LAWSON v. STATE

8 Div. 898.

157 So.2d 226 (1963)

Eugene LAWSON v. STATE.

Court of Appeals of Alabama.

Rehearing Denied October 8, 1963.


Attorney(s) appearing for the Case

Harold T. Pounders, Florence, for appellant.

Richmond M. Flowers, Atty. Gen., Bernard F. Sykes, Asst. Atty. Gen., and Roy E. Hicks, Legal Research Aide, Montgomery, for the State.


PRICE, Presiding Judge.

This appellant was convicted of possessing prohibited alcoholic beverages.

Trial was had by the court without the intervention of a jury. The judgment entry of May 10, 1962, the date of trial, shows the following:

"* * * the court after hearing the evidence in this case renders judgment finding the defendant guilty as charged in the original affidavit and the case is continued to June 11, 1962, for sentencing."

The entry of June 11, 1962, reads:

"Thereupon in open court on this the 11th day of June, 1962, the defendant being asked by the court if he had anything to say why the judgment and sentence of the law should not be passed upon him replied `he had not.' It is therefore considered and adjudged by the court that the defendant is guilty of the offense of violating Prohibition Law as charged in the original affidavit and that the State of Alabama for the use of Lauderdale County have and recover of the defendant a fine of $250.00 and costs of this prosecution, as punishment for said offense."

On July 10, 1962, a motion for a new trial was filed. Said motion was regularly continued until December 1, 1962, when it was overruled.

The transcript of the evidence was filed with the circuit clerk on the 25th day of January, 1963. The entire record was filed in this court on March 19, 1963.

The Attorney General has filed a motion to strike the transcript of the testimony and the transcript of the record because not timely filed. It is insisted the motion for a new trial was filed more than thirty days after judgment, on May 10, 1962.

The time for filing motion for a new trial begins to run on the date of the formal adjudication of guilt, not the date of the jury verdict or the finding of the court on the facts when the trial is had without a jury. Burton v. State, 39 Ala. App. 230, 97 So.2d 164.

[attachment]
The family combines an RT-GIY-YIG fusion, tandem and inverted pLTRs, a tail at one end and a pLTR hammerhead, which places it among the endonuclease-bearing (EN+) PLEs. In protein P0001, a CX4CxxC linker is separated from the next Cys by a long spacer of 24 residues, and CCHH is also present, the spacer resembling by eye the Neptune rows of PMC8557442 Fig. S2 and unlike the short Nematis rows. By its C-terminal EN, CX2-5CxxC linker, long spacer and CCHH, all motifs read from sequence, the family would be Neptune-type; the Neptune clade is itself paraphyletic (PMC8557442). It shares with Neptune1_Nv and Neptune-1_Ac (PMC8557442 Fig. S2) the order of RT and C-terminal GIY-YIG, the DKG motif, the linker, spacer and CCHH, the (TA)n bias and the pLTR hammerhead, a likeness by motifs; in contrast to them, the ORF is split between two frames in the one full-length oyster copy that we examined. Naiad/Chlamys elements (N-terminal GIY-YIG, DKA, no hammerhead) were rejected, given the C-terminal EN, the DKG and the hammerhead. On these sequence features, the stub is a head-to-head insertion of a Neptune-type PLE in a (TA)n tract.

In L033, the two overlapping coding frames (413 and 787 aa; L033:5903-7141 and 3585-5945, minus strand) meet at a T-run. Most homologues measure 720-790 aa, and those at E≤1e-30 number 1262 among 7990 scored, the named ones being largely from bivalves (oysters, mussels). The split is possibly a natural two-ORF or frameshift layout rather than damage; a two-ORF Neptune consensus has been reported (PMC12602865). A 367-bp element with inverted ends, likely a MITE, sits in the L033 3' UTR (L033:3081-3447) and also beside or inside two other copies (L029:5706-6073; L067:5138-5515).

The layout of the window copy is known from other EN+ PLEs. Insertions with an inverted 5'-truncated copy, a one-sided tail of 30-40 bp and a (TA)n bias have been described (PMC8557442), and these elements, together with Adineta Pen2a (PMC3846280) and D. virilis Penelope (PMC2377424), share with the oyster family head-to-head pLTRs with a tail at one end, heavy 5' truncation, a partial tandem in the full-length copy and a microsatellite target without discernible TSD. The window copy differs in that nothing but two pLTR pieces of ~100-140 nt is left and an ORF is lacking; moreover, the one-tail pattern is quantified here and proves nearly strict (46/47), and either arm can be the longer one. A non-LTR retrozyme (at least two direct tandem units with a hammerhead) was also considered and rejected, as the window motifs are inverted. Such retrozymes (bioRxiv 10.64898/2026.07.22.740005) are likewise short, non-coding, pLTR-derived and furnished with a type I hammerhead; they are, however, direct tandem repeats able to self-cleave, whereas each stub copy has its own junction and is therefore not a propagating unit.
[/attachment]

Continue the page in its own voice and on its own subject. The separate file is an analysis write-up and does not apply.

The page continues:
The judgment entry clearly shows defendant was not formally adjudged guilty until June 11, 1962. The motion for new trial was filed within thirty days thereafter.

The Attorney General's motion is not well taken, and is hereby denied.

The State's evidence tends to show that on November 22nd, 1961, several law enforcement officers went to the home of one Charles Brown. As the officers approached the house they saw two men sitting in an automobile in the driveway. One of the men, shown to be defendant, left the automobile, walked across the road toward the barn, turned behind the barn and went to the fence by a pile of lumber and into a small thicket, came back out of the woods and up the fence to about halfway between the lumber and the barn where he was met by one of the officers. The defendant had on what was termed "foul weather" clothing, with rubber boots. One of his hands was in the bib of his overalls and when told to remove his hand something dropped into his britches leg at the top of his boot. The officer slid his hand up under his britches leg and removed a half pint of a named brand of vodka.

The state's witnesses testified they did not see the defendant pick up anything and did not know before the search that he had any whiskey on his person. No member of the Brown family was at home. A search was made of the premises but no whiskey was found.

No testimony was presented in defendant's behalf.

The officers had a purported search warrant authorizing the search of "a frame residence on west side of highway U. S. #43 North beyond Shoals Creek." The affidavit supporting the warrant was unsigned. Sec. 212, Title 29, Code of Alabama 1940.

The foregoing evidence clearly demonstrates the search of defendant's person was plainly illegal. Dennis v. State, 40 Ala.App. 182, 111 So.2d 21. Timely and specific objection was interposed to the admission of the evidence thereby obtained.

While the courts of this state have formerly held that illegally obtained evidence, except evidence obtained by means of an illegal search of a private dwelling, Section 210, Title 29, Code, was admissible in the trial of a criminal case, Shields v. State, 104 Ala. 35, 16 So. 85; Banks v. State, 207 Ala. 179, 93 So. 293, 24 A.L.R. 1359; Dennis v. State, supra, the Supreme Court of the United States has said that evidence obtained by searches and seizures in violation of the Constitution of the United States is inadmissible in a state court. Mapp v. Ohio, 367 U.S. 643, 81 S.Ct. 1684, 6 L.Ed.2d 1081, 84 A.L.R.2d 933. The evidence pointed out was inadmissible under Mapp v. Ohio, supra.

There is no necessity for ordering a new trial since there could be no admissible evidence under which a conviction could be based.

Reversed and rendered.


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